East Antarctic craton
The East Antarctic craton is an ancient craton
A craton is an old and stable part of the continental lithosphere. Having often survived cycles of merging and rifting of continents, cratons are generally found in the interiors of tectonic plates. They are characteristically composed of ancient crystalline basement rock, which may be covered by...

 that forms most of Antarctica. The East Antarctic craton was part of the Nena supercontinent
Nena (supercontinent)
Nena was an ancient minor supercontinent that consisted of the cratons of Arctica, Baltica, and East Antarctica. Forming about 1.8 billion years ago, the continent was part of the global supercontinent, Columbia. Nena is an acronym that derives from Northern Europe and North...

 1.8 billion years ago.

During the early Paleozoic
The Paleozoic era is the earliest of three geologic eras of the Phanerozoic eon, spanning from roughly...

 Era East Antarctica joined the Gondwana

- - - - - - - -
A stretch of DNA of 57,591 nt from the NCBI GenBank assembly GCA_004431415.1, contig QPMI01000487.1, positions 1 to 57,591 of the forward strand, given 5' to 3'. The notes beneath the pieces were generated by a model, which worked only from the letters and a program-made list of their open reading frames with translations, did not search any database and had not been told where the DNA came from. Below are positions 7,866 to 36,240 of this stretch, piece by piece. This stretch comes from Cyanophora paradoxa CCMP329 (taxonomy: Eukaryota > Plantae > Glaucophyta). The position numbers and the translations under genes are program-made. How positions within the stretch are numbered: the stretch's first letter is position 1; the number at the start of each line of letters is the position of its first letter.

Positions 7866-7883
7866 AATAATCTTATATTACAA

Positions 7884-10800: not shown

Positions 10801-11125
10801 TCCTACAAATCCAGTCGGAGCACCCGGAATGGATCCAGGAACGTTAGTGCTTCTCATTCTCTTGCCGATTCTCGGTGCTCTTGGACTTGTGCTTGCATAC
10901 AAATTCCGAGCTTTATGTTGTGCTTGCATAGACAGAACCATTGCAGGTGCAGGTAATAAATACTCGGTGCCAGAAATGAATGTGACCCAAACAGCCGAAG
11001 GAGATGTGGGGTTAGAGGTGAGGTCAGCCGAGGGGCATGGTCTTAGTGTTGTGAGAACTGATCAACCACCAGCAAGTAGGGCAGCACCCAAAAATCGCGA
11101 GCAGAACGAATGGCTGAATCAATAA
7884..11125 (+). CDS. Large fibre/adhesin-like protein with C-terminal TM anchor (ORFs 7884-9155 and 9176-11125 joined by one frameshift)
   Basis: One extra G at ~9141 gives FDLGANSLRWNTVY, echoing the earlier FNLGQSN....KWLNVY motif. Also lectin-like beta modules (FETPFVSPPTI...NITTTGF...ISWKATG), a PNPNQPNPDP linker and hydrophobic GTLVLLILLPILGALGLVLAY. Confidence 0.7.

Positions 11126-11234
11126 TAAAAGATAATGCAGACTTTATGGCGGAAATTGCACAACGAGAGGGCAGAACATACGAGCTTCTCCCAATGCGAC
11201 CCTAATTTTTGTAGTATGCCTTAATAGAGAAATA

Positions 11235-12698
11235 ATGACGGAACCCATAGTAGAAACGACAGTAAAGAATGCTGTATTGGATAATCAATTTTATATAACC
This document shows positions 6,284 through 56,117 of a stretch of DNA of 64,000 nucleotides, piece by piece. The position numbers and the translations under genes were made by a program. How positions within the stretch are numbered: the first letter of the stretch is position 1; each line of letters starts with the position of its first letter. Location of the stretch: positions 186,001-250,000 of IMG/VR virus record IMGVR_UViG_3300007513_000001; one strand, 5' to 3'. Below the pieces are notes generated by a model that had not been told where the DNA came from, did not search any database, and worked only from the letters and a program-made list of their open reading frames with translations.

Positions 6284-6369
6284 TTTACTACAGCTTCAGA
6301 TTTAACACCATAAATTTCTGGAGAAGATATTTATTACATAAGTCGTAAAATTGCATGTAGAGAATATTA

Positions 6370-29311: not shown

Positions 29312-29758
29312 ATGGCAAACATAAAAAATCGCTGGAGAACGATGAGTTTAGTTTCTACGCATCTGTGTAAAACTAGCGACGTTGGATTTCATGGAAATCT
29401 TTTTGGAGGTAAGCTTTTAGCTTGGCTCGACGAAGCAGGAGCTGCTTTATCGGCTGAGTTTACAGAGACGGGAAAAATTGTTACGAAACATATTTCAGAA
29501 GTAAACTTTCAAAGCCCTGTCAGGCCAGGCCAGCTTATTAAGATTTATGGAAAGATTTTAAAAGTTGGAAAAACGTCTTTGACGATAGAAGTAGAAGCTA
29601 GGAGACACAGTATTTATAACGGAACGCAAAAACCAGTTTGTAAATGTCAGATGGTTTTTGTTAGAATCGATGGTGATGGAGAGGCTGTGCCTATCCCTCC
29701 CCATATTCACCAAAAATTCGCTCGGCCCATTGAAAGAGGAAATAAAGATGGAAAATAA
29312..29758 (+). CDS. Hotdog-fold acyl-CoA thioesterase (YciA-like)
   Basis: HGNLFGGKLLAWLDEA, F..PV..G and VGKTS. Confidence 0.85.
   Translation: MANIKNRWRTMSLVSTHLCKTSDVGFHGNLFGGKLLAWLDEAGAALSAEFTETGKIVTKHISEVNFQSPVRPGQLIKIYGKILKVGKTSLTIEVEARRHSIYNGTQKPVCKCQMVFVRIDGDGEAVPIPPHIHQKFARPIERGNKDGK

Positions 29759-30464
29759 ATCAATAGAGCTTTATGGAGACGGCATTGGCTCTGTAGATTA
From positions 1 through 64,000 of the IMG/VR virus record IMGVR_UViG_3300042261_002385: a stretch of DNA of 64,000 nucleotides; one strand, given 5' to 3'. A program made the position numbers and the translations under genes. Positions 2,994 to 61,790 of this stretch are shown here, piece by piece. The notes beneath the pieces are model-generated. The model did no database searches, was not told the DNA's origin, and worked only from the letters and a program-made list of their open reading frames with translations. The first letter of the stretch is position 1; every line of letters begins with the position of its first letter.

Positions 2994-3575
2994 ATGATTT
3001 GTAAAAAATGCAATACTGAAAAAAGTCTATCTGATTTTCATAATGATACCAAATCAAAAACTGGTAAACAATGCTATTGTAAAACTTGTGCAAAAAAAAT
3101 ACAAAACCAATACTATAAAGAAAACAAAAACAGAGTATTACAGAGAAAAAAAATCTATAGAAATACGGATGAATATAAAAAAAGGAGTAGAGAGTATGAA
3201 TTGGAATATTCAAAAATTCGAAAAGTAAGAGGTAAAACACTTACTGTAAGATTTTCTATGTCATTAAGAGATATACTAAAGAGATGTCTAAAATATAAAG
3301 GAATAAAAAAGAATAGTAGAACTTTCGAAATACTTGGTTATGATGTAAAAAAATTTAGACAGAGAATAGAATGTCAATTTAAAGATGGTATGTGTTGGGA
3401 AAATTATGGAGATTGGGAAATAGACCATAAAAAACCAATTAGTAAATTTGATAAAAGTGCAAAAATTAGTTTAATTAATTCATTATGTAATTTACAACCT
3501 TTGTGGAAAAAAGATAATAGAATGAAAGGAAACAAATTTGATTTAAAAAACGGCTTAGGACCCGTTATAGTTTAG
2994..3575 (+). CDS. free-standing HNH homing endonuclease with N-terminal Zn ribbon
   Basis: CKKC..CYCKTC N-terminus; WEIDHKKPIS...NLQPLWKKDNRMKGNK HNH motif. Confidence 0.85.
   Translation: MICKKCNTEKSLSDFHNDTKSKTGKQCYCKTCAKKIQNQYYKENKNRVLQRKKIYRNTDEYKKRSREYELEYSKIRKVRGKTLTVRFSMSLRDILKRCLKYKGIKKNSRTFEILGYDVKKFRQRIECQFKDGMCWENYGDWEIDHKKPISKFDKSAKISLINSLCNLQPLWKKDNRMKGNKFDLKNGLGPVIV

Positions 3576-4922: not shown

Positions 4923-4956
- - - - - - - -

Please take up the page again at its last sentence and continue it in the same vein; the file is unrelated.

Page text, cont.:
In paleogeography, Gondwana , originally Gondwanaland, was the southernmost of two supercontinents that later became parts of the Pangaea supercontinent. It existed from approximately 510 to 180 million years ago . Gondwana is believed to have sutured between ca. 570 and 510 Mya,...

In geology, a supercontinent is a landmass comprising more than one continental core, or craton. The assembly of cratons and accreted terranes that form Eurasia qualifies as a supercontinent today.-History:...



During the Mesozoic
The Mesozoic era is an interval of geological time from about 250 million years ago to about 65 million years ago. It is often referred to as the age of reptiles because reptiles, namely dinosaurs, were the dominant terrestrial and marine vertebrates of the time...

 breakup of Gondwanaland, East Antarctica
East Antarctica
East Antarctica, also called Greater Antarctica, constitutes the majority of the Antarctic continent, lying on the Indian Ocean side of the Transantarctic Mountains...

separated from other major continental areas.

During and following this breakup the tectonic terranes of West Antarctica were added to form the current continent of Antarctica.
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